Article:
I give you my everything; my body, my soul, my goods, both interior and exterior, the value of my good actions; whatever you ask of me, that I may be brought closer to my Love, and my Lord. Help me to always trust Him, and always know and do His will. I entrust myself to you, as Jesus did, and I give you permission to do your work in, through, and around me, to make me a saint.

The simple version of that is, “Mom, I’m gonna trust you to teach me how to be like my Divine Brother.” I can trust her with that because she raised Him, and when He got older, she observed everything He said and did, and “pondered it in her heart.”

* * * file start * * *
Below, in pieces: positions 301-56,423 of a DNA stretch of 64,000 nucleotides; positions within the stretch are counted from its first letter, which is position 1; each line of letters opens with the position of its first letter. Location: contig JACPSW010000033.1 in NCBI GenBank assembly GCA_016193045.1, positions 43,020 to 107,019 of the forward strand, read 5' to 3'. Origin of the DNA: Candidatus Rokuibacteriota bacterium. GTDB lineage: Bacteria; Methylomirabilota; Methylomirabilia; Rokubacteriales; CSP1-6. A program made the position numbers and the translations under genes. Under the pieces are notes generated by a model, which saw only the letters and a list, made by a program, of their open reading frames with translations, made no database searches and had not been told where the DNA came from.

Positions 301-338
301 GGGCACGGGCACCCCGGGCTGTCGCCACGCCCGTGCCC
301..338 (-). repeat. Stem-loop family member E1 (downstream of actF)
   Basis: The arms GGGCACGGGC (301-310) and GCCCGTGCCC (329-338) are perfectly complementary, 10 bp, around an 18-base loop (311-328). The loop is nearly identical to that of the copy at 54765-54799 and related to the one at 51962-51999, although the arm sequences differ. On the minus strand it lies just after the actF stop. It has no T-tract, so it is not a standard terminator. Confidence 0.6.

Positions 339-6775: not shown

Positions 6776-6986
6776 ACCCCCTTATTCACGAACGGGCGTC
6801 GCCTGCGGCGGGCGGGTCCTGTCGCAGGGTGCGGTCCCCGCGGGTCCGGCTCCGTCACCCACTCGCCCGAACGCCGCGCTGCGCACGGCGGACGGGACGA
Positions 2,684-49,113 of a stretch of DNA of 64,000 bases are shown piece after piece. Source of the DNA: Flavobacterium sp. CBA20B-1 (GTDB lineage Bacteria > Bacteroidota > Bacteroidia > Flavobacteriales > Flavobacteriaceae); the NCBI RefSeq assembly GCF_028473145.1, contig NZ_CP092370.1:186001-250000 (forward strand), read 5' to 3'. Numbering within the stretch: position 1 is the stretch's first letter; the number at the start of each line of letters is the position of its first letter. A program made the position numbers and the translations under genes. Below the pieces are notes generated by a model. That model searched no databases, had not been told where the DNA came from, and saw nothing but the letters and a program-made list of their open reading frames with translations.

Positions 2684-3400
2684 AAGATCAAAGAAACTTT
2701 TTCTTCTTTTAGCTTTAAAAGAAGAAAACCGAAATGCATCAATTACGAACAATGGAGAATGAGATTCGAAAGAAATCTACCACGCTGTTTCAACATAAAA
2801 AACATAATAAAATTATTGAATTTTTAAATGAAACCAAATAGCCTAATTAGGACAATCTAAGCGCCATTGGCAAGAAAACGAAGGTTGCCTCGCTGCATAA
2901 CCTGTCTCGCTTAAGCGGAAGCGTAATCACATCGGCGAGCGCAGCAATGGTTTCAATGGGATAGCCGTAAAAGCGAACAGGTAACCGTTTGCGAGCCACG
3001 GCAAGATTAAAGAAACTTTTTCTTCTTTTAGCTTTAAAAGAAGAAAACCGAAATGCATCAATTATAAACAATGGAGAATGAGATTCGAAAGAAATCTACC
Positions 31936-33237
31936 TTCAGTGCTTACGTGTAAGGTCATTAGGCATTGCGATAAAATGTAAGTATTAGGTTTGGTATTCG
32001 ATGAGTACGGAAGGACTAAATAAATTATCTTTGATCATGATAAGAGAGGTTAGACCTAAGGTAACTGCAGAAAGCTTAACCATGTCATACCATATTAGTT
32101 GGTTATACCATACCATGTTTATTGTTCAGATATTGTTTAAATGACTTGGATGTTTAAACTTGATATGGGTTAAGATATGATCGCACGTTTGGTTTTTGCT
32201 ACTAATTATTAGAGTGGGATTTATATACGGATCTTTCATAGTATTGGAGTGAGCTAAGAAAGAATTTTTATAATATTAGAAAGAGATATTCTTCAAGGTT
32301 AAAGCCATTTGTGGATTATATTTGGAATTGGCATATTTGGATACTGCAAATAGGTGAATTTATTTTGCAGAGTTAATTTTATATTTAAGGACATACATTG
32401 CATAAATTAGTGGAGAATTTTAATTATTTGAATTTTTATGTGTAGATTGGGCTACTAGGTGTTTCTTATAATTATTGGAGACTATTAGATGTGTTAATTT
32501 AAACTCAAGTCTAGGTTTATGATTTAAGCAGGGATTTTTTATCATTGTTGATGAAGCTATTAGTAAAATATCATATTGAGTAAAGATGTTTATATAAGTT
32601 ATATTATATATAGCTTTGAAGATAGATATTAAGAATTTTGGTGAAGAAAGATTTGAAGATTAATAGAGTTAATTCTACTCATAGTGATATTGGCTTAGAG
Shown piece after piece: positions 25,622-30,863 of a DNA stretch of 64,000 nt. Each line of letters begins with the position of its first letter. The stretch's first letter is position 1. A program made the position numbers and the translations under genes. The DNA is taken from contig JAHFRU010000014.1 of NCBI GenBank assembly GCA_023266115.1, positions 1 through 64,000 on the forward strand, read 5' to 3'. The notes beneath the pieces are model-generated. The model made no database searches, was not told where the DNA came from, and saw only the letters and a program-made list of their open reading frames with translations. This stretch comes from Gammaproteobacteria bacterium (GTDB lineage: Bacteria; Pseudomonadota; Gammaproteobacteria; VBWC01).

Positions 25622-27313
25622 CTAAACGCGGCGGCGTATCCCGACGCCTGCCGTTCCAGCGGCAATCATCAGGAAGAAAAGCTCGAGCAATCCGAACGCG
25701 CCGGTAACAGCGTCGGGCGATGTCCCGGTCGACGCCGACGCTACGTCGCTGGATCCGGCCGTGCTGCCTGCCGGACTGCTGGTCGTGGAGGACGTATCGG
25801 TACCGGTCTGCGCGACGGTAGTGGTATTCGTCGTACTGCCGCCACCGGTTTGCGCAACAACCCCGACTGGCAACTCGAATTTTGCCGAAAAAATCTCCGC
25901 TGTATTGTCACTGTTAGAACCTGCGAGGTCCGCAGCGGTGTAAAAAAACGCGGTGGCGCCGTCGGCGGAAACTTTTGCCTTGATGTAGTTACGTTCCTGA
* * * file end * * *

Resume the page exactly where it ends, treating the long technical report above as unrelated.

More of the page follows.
Just a couple of weeks ago, I took up the Rosary again. I had picked it up a few years ago for a few reasons, but then my devotion petered out. I picked it up again simply because I felt prompted to by the Holy Spirit. The Rosary might seem like a mindless recitation of repetitive prayers, and done wrong, it can be. Done right, though, the repetition of the “Hail Mary” isn’t the point. The point is to focus on the mysteries. I was prompted to focus on the “Sorrowful” mysteries that day, which walk you through the Lord’s Passion: The Agony in the Garden, the Whipping at the Pillar, The Crowning with Thorns, the Carrying of the Cross, and the Lord’s Death on the Cross. The Rosary’s repetitive prayers themselves are mostly there as a time keeper, but the Rosary itself helps one view the Mysteries of the Lord’s life through a Mother, or at least a beloved family member’s eyes.